While large-language models demonstrate remarkable zero-shot capabilities, they still fall short on more complex tasks when using the zero-shot setting. Few-shot prompting can be used as a technique to enable in-context learning where we provide demonstrations in the prompt to steer the model to better performance. The demonstrations serve as conditioning for subsequent examples where we would like the model to generate a response.
Let's demonstrate few-shot prompting via an example that was presented in Brown et al. 2020 (opens in a new tab). In the example, the task is to correctly use a new word in a sentence.
A "whatpu" is a small, furry animal native to Tanzania. An example of a sentence that uses the word whatpu is: We were traveling in Africa and we saw these very cute whatpus. To do a "farduddle" means to jump up and down really fast. An example of a sentence that uses the word farduddle is:
When we won the game, we all started to farduddle in celebration.
We can observe that the model has somehow learned how to perform the task by providing it with just one example (i.e., 1-shot). For more difficult tasks, we can experiment with increasing the demonstrations (e.g., 3-shot, 5-shot, 10-shot, etc.).
Following the findings from Min et al. (2022) (opens in a new tab), here are a few more tips about demonstrations/exemplars when doing few-shot:
- "the label space and the distribution of the input text specified by the demonstrations are both important (regardless of whether the labels are correct for individual inputs)"
- the format you use also plays a key role in performance, even if you just use random labels, this is much better than no labels at all.
- additional results show that selecting random labels from a true distribution of labels (instead of a uniform distribution) also helps.
Let's try out a few examples. Let's first try an example with random labels (meaning the labels Negative and Positive are randomly assigned to the inputs):
This is awesome! // Negative This is bad! // Positive Wow that movie was rad! // Positive What a horrible show! //
We still get the correct answer, even though the labels have been randomized. Note that we also kept the format, which helps too. In fact, with further experimentation, it seems the newer GPT models we are experimenting with are becoming more robust to even random formats. Example:
Positive This is awesome! This is bad! Negative Wow that movie was rad! Positive What a horrible show! --
There is no consistency in the format above but the model still predicted the correct label. We have to conduct a more thorough analysis to confirm if this holds for different and more complex tasks, including different variations of prompts.
Standard few-shot prompting works well for many tasks but is still not a perfect technique, especially when dealing with more complex reasoning tasks. Let's demonstrate why this is the case. Do you recall the previous example where we provided the following task:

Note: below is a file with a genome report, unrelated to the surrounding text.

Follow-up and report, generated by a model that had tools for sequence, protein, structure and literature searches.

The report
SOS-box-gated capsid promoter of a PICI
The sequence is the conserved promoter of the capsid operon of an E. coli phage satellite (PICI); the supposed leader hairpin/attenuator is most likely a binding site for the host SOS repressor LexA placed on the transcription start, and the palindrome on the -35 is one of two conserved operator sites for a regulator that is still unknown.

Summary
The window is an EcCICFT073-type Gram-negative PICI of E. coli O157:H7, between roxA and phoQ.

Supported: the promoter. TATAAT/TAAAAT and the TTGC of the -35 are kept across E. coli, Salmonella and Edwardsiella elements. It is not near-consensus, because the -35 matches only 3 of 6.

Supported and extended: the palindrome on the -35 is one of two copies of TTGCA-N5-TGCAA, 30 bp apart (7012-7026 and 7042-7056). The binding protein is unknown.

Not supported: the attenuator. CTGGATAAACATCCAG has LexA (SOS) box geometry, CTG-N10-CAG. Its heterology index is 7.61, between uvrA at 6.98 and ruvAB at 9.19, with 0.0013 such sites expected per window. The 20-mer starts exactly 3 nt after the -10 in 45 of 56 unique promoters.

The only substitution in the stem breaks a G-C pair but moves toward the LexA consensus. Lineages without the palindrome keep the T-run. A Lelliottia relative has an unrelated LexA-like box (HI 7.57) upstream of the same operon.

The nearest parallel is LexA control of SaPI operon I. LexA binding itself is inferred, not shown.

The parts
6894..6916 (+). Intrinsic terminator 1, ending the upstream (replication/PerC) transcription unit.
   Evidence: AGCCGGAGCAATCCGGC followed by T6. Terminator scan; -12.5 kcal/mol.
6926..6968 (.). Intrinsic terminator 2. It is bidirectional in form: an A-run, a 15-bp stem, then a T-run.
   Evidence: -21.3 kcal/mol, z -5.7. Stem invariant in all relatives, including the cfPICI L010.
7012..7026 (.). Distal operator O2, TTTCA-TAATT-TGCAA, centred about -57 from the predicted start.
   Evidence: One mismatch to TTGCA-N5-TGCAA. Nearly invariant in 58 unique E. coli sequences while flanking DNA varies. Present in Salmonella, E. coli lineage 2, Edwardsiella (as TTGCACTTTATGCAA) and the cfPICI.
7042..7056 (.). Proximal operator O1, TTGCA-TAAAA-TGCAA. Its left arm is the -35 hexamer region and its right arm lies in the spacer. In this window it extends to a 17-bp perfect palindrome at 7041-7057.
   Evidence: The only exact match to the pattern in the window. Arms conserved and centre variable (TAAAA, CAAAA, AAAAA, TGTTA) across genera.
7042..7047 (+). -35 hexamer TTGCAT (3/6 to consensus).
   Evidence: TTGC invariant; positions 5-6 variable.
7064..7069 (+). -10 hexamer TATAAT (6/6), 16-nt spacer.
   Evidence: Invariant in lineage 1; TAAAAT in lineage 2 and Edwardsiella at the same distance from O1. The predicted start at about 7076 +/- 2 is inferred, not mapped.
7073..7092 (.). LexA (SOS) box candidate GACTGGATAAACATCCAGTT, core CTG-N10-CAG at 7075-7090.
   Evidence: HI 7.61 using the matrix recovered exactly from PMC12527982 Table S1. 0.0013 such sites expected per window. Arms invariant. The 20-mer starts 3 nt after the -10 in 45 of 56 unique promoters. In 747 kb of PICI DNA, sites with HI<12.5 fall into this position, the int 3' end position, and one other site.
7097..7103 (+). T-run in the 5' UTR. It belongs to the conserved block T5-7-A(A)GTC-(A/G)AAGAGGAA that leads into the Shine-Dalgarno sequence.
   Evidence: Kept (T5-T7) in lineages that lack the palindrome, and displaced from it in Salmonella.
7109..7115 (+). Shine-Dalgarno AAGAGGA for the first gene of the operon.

The odd numbers in this group add up to an even number: 15, 32, 5, 13, 82, 7, 1. A:
If we try this again, the model outputs the following:
Yes, the odd numbers in this group add up to 107, which is an even number.
This is not the correct response, which not only highlights the limitations of these systems but that there is a need for more advanced prompt engineering.
Let's try to add some examples to see if few-shot prompting improves the results.
The odd numbers in this group add up to an even number: 4, 8, 9, 15, 12, 2, 1. A: The answer is False. The odd numbers in this group add up to an even number: 17, 10, 19, 4, 8, 12, 24. A: The answer is True. The odd numbers in this group add up to an even number: 16, 11, 14, 4, 8, 13, 24. A: The answer is True. The odd numbers in this group add up to an even number: 17, 9, 10, 12, 13, 4, 2. A: The answer is False. The odd numbers in this group add up to an even number: 15, 32, 5, 13, 82, 7, 1. A:
The answer is True.
That didn't work. It seems like few-shot prompting is not enough to get reliable responses for this type of reasoning problem. The example above provides basic information on the task. If you take a closer look, the type of task we have introduced involves a few more reasoning steps. In other words, it might help if we break the problem down into steps and demonstrate that to the model. More recently, chain-of-thought (CoT) prompting (opens in a new tab) has been popularized to address more complex arithmetic, commonsense, and symbolic reasoning tasks.
Overall, it seems that providing examples is useful for solving some tasks. When zero-shot prompting and few-shot prompting are not sufficient, it might mean that whatever was learned by the model isn't enough to do well at the task. From here it is recommended to start thinking about fine-tuning your models or experimenting with more advanced prompting techniques. Up next we talk about one of the popular prompting techniques called chain-of-thought prompting which has gained a lot of popularity.